The thing that sets The Thing -- sorry! -- apart from other games in this genre is having the ability to command up to four members of your squad, or as is usually the case, any persons you happen across that are willing to go with you. The same trust/fear mechanic that was prominent in the film plays a relatively large role in the game, too. Everyone has a trust meter that needs to be at least halfway filled for them to follow you around; gaining trust from someone is often a simple matter of giving them a gun, although some secondary missions require you to prove you're human by killing a certain number of Things. Later in the game, you can also perform a blood test on yourself to gain trust - The Thing is made up of millions of individual living cells, so Thing blood reacts violently to just about any aggravating chemical you could throw on it.
The gameplay itself is a compelling mix of survival horror games like Resident Evil, with simple adventure elements and puzzles and your bog standard fast paced shooter. The pacing has been tuned well, starting slowly, keeping all the aliens out of sight, then slowly revealing the carnage as you explore further, until you eventually come under attack on a regular basis. The Thing itself comes in two basic forms; little spider-like crawlers that are dispatched with one quick shotgun blast, and bloody humanoid monstrosities with varying amounts of misshapen heads and claws and tentacles. The latter kind takes multiple hits, and as in the movie, need to be burned to kill off permanently.
Visually, The Thing excels. The attention to detail in all the environments is extremely high, textures are sharp and the people are hugely realistic, with fluid animation and lip-synced voices. They also react to things around them - point a gun at their head and they'll retort with a lewd hand gesture. If they see something particularly grotesque, they'll even lose whatever meal they last ingested. You know how far we've come in bringing games into the cultural mainstream when non-essential characters start puking without any contribution to advancing the plot. Hey, it spelled success for every gross-out comedy since There's Something About Mary. Audio also matches the high visual production values, creeping you out with all sorts of ambient effects.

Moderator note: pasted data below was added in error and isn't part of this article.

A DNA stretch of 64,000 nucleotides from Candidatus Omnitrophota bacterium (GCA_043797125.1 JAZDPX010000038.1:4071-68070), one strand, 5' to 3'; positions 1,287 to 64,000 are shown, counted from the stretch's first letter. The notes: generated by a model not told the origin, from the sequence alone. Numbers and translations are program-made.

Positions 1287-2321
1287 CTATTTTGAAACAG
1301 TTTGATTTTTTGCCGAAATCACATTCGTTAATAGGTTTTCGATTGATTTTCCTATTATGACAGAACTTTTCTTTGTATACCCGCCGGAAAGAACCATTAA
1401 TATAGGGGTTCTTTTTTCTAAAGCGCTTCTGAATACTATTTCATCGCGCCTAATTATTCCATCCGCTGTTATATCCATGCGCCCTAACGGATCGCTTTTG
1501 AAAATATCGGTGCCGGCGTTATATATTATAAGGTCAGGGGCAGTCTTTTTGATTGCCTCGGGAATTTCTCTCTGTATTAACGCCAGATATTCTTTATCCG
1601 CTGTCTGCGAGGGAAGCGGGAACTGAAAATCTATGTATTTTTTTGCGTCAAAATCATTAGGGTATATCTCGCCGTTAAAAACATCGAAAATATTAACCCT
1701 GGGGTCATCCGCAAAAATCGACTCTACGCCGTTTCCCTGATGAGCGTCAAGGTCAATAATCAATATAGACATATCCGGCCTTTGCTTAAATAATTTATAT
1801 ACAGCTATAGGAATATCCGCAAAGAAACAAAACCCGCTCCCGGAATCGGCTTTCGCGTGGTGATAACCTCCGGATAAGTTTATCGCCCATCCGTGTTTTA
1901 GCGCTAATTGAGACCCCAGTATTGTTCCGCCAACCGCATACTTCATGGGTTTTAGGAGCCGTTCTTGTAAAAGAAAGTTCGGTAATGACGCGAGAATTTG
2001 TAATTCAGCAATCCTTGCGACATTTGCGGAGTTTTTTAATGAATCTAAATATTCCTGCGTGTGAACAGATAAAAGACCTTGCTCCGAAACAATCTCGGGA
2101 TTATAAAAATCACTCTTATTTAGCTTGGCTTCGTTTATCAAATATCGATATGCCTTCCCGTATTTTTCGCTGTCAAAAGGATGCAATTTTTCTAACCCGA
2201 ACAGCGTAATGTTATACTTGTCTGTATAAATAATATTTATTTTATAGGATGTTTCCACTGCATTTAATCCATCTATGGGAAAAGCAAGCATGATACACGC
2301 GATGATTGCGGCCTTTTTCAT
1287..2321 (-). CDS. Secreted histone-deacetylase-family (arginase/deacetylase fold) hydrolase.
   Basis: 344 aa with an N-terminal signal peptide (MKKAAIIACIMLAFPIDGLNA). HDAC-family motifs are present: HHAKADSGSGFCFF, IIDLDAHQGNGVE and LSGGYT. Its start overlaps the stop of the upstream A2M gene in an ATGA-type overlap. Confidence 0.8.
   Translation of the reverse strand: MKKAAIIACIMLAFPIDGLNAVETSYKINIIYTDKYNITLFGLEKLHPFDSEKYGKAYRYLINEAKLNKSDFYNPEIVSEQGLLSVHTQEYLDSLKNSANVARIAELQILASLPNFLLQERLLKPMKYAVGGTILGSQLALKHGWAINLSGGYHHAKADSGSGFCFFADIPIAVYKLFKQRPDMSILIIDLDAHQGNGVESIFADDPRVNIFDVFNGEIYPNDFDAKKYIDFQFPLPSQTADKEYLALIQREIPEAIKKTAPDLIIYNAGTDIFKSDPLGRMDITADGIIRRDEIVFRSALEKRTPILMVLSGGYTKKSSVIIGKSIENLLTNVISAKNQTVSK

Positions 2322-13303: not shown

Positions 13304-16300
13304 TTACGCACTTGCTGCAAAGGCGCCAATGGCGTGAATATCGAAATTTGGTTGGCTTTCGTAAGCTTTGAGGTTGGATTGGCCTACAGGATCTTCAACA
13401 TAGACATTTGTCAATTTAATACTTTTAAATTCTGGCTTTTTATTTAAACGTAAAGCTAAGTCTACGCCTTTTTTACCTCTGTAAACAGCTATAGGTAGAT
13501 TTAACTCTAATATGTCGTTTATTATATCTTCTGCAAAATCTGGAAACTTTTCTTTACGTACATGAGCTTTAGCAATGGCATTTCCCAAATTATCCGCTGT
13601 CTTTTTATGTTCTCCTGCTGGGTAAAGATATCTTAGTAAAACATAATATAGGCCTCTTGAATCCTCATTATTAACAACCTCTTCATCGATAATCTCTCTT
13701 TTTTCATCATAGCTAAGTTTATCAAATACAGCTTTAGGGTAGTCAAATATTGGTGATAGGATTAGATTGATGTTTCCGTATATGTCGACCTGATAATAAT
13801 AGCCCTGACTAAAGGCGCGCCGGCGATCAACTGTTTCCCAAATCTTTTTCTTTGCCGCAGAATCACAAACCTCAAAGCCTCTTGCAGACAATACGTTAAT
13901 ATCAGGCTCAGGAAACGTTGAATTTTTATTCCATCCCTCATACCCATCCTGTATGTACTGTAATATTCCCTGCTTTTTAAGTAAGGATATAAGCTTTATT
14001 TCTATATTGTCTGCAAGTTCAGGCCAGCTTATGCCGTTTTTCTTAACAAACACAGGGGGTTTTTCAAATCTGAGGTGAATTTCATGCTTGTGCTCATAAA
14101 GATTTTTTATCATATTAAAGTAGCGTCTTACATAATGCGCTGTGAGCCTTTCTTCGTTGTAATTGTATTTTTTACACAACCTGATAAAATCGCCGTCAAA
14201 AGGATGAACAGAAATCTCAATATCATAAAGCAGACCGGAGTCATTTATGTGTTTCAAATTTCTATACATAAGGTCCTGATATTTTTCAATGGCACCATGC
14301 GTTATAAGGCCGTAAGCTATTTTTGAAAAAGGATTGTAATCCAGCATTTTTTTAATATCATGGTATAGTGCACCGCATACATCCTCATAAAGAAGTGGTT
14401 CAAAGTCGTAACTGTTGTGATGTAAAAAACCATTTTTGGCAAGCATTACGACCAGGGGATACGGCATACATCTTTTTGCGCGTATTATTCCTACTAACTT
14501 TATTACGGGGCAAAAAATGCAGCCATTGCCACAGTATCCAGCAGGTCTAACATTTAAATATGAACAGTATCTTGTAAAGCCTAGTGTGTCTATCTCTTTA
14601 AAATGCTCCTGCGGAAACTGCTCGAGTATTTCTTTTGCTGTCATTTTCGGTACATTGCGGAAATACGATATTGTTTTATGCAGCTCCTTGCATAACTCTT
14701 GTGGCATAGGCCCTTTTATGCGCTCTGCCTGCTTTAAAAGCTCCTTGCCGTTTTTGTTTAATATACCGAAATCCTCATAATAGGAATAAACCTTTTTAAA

Second, while the whole fear/trust element was an admirably innovative attempt at recreating the film's tension, it falls short because it's both quirky and ultimately pointless. There are times where a team member can come up clear in a blood test but only moments later transform into a Thing due to some trigger in the game's script. Generally, everyone ends up becoming a Thing or dying beforehand, so you feel no real loss and the only time it matters is when you can't complete a level because you needed that one engineer alive. There's also no real tension because even if someone is a Thing, once they reveal themselves, you can take 'em down in a matter of seconds.
The game also suffers from a rather nasty bug that remained unfixed in a recent patch. On some machines, including ours, all voice audio was muted during cutscenes, and the only way to fix it was by unarchiving a .pak file in the game's data directory, adding about 300mb to the install size - ouch!
The Thing on its own stands as a slightly flawed, yet atmospheric and alluring action-adventure. Hardcore fans of the film, however, will have fewer complaints and appreciate the touches added by the developer who obviously cared greatly about making a worthy follow-up to Carpenter's thriller. Coming across the actual tape recorded by MacReady and finding out where Childs ended up was a simple, yet brilliant idea to connect the two stories. For an alien that's 100,000 years old, The Thing can definitely hold its own against any other scary creature -- from a game or movie -- that you can throw at it.